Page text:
Uppark is located in the heart of the South Downs National Park, West Sussex.  It is happily situated on the top of a great hill commanding spectacular views over the surrounding countryside.  Built in 1689 by Ford Grey, 3rd Baron Grey of Warke, later created Earl of Tankerville in 1695.  Lord Grey lived a dangerous life; he was arrested in 1683 for his involvement in the Rye House Plot against King Charles II, but managed to escape to France.  Two years later he became one of the main leaders of the Monmouth Rebellion, leading the cavalry, but was defeated and condemned for high treason.  Remarkably, he escaped death by turning against his former conspirators.  Earlier, in 1682 he was even accused of seducing his wife’s sister, Lady Henrietta Berkeley, for which he was found guilty, but again, escaped punishment!  It is, therefore, remarkable that he ever found the time to build himself a country house at all.  The design of Uppark has been attributed to William Talman, which may explain its exemplary symmetry and simplicity.  It is constructed from red brick and comprises two main storeys, with attic and basement.

View of the principal elevation.
View of the principal elevation.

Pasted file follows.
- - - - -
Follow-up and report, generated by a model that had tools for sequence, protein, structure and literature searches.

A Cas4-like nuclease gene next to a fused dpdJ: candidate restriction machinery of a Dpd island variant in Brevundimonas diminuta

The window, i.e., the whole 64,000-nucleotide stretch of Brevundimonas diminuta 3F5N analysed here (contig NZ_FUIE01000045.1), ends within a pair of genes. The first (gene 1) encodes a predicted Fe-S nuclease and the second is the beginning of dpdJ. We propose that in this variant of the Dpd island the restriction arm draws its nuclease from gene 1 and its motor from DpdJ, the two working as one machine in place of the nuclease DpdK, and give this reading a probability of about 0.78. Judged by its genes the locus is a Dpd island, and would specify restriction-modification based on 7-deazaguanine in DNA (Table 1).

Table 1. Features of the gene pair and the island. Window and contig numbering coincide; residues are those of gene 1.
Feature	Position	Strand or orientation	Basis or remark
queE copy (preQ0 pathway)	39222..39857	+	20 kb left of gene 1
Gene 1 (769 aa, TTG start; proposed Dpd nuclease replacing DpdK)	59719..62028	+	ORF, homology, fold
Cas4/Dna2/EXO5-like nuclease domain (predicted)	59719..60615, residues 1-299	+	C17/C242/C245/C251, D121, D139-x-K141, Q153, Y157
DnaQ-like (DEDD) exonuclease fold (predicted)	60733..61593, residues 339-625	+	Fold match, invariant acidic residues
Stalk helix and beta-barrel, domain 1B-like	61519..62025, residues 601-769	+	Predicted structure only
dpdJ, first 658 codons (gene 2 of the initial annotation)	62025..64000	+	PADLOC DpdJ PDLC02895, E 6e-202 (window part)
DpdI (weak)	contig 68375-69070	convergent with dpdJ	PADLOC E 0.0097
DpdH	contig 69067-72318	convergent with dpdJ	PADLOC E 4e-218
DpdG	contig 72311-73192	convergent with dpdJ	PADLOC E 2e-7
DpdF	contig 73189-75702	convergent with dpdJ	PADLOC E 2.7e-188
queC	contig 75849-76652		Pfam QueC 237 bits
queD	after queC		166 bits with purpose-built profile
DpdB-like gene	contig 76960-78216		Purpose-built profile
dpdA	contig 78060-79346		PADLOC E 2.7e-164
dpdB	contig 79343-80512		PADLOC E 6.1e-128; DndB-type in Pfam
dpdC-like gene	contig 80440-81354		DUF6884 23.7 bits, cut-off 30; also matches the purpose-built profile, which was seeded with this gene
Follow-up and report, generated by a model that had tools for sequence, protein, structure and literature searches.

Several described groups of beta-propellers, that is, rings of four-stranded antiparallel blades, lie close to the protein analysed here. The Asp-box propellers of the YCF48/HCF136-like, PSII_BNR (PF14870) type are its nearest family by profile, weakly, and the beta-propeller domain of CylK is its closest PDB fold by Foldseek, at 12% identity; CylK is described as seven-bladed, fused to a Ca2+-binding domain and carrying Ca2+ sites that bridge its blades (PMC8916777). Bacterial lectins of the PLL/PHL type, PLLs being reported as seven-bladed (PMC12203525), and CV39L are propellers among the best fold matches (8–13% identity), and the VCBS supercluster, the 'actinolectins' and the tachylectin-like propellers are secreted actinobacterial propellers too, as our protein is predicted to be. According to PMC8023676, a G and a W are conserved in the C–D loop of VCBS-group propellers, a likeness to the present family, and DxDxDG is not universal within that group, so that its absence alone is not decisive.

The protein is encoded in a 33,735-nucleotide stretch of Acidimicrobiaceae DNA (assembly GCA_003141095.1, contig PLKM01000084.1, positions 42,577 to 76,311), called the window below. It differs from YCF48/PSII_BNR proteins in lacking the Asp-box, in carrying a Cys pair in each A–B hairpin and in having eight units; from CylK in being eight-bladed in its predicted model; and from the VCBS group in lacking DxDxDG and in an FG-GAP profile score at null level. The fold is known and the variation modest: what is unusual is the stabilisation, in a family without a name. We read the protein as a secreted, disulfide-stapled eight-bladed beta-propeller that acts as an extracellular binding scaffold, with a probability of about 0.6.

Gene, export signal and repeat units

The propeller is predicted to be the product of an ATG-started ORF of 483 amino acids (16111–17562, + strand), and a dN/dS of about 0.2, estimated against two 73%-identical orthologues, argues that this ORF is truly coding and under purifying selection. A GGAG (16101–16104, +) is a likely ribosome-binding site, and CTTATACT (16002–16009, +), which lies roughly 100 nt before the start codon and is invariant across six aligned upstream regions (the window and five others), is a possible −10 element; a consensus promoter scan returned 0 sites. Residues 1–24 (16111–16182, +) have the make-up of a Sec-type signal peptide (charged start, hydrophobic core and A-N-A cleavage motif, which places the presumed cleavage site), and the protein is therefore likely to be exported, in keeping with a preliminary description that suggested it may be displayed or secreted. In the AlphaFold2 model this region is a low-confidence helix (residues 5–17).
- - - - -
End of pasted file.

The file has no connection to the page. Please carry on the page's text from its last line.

In 1747 the house was sold to Sir Matthew Fetherstonhaugh and his wife Sarah, and it is their coat of arms that is displayed prominently in the pediment on the south front.  They were also largely responsible for the delightful interiors, commissioning the extensive redecoration in the mid 18th century.  Sir Matthew and Lady Sarah embarked on a two year Grand Tour of Europe whilst work was being carried out and during this time they purchased much of collections that now fill Uppark.  The crowing glory of Uppark’s fabulous 18th century interiors must be the Saloon, which is attributed to James Paine, who also built Dover House in Whitehall for Sir Matthew.  Sir Matthew also commissioned the building of two balancing blocks located behind Uppark, an elegant stable block to the north-west and a service block containing a laundry and kitchen to the north-east.  Both are constructed of matching red brick and are adorned with decorative features, such as pediments and turret cupolas.  These service wings are both connected to the main house via underground tunnels, which enabled the servants to go about their work without being seen by their employers.